'She was being very complimentary, saying: "You've got such a gorgeous body," ' he says. 'She took her own dress off and removed my boxer shorts. Sex felt very natural, and afterwards we lay there looking into each other's eyes.'
Such was their ease in each other's company that Olumide says he was surprised, on emerging from the bathroom, to hear her on the phone to a friend arranging to leave.
'I heard her laughing and saying "Yes, I'm having sex", and then she told me she had to go and meet her friend. I was disappointed, as I'd assumed she was going to stay till morning.'
Instead, when Miss X said she had no money, he gave her £8 for a taxi. 'She thanked me, gave me a kiss on the cheek, and left.'
It's a scene which is enacted up and down the land every night of the week - although not, thankfully, with the consequences faced by Fadayomi.
After leaving the house at 6am to buy some food, he returned to find a police van parked outside. His first thoughts were that something untoward had happened to Miss X after she left him.
'The next minute, I'd been handcuffed and arrested on suspicion of rape,' he says. 'I couldn't believe it. I honestly felt like I was on another planet.'
Released on bail on the condition that he reported to the police station every day, a bewildered Olumide prayed that there was some mistake. 'I tried to call her, but I discovered she had given me a fake telephone number,' he says.
'I felt so alone. I was isolated in a new city, and I could only pray it would all go away.'
It didn't: three weeks later Mr Fadayomi was formally charged with rape. 'I was devastated,' he says.
'I couldn't eat for three days. All I could do was place faith in the notion that justice would prevail.'
In the meantime, his life was on hold. 'My housemates asked me to leave the house, and if it wasn't for one friend I would have been homeless.
'I even lost my job at a telesales firm where I was working to make extra cash, because it was too difficult to continue when my colleagues found out,' he said.
But one of the hardest parts was telling my mother and father in Nigeria. They are good Christian people, and they were heartbroken and very scared for me. But they never doubted me.
'Even so, I thought about taking my own life on more than one occasion, as I couldn't see another way out.'
As we now know, a jury took just 45 minutes to acquit him - after which Judge Robertshaw revealed to the court that Miss X had made a previous accusation.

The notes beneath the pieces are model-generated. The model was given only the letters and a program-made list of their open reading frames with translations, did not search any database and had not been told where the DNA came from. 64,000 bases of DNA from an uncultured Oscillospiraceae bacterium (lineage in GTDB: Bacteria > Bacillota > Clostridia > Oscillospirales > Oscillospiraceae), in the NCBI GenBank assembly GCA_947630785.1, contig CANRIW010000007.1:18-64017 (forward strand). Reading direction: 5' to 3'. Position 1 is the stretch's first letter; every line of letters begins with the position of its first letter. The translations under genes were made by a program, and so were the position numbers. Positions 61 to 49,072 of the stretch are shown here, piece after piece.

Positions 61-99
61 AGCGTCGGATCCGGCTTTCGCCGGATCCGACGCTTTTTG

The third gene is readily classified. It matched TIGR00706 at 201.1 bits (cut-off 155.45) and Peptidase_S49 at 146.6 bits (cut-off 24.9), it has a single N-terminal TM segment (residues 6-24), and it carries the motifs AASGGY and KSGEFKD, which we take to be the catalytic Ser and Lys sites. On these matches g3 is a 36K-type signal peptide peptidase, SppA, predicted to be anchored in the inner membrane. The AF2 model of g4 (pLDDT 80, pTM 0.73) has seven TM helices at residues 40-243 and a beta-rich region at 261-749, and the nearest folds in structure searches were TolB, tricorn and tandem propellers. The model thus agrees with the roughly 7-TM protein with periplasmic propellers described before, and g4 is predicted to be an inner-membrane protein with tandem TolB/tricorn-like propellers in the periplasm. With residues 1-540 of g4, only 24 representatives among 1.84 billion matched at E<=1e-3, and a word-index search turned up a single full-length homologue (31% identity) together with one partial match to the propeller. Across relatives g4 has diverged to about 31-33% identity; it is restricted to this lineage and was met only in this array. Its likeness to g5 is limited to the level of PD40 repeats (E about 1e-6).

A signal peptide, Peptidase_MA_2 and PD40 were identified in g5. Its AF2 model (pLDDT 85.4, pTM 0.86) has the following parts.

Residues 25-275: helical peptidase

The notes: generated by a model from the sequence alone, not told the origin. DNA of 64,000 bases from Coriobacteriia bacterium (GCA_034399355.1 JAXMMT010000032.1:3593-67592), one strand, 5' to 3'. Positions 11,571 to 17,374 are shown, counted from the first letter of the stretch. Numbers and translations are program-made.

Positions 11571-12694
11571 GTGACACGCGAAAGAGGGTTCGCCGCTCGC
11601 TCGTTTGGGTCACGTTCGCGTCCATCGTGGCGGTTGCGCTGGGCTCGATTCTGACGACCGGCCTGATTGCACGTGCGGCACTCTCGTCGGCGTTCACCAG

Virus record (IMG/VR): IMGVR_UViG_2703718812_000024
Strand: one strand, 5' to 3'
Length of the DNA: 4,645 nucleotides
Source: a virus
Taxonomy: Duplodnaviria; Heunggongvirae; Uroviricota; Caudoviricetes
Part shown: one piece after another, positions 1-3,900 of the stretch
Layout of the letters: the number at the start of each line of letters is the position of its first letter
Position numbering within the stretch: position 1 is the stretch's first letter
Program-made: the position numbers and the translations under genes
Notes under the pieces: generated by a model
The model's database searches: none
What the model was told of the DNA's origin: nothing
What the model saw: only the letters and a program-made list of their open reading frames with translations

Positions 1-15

That case had not come to trial, he said, because it was ' lacking in credibility', but the accused man committed suicide 'when facing that allegation'.
'When I found out about the other guy, I was devastated for him, as I knew how he felt. It could so easily have been me,' says Olumide.
No one, of course, would suggest that any allegation of rape is subject to anything other than the most rigorous and robust of proper legal procedures.
Nonetheless, this case has raised disturbing questions about the disparity between the way the accused and the accuser are treated.
Not that Miss X sees a grey area. Speaking to the Mail this week, she maintains that she has been unnecessarily demonised, and believes that Judge Robertshaw should apologise to her for his words in court.
'I want an apology from the judge for branding me a liar and blaming me for the death of another person,' she says. 'It is just not true. I am not to blame, and the judge has no evidence.
'I really am the victim here. I have nothing to be ashamed of. I am not a liar - in fact, I couldn't lie if I tried. It's not in my nature.'
When pressed, Miss X insisted she could not remember much of what happened after she met Olumide in the night club, although she maintains she remembers enough to know she did not consent to sex.
'I told the police the truth. They are used to finding out if people are lying. What possible motive did I have to accuse this man?
'There is a big difference between a false allegation and someone being found not guilty.'
There is, indeed, as Olumide Fadayomi knows only too well. Despite being acquitted, he must live for ever with the lingering stain of the accusation, unprotected by the anonymity that Miss X enjoys.
Yet astonishingly, after everything he has been through, he bears her no ill will.
'I don't hold anything against her, but I think she has problems, and I hope she gets herself on the right path because I don't want her to be able to do to any other man what she did to me.'
They are, even the most generous soul might think, more forgiving words than Miss X deserves.
Posted by Archivist at Wednesday, June 02, 2010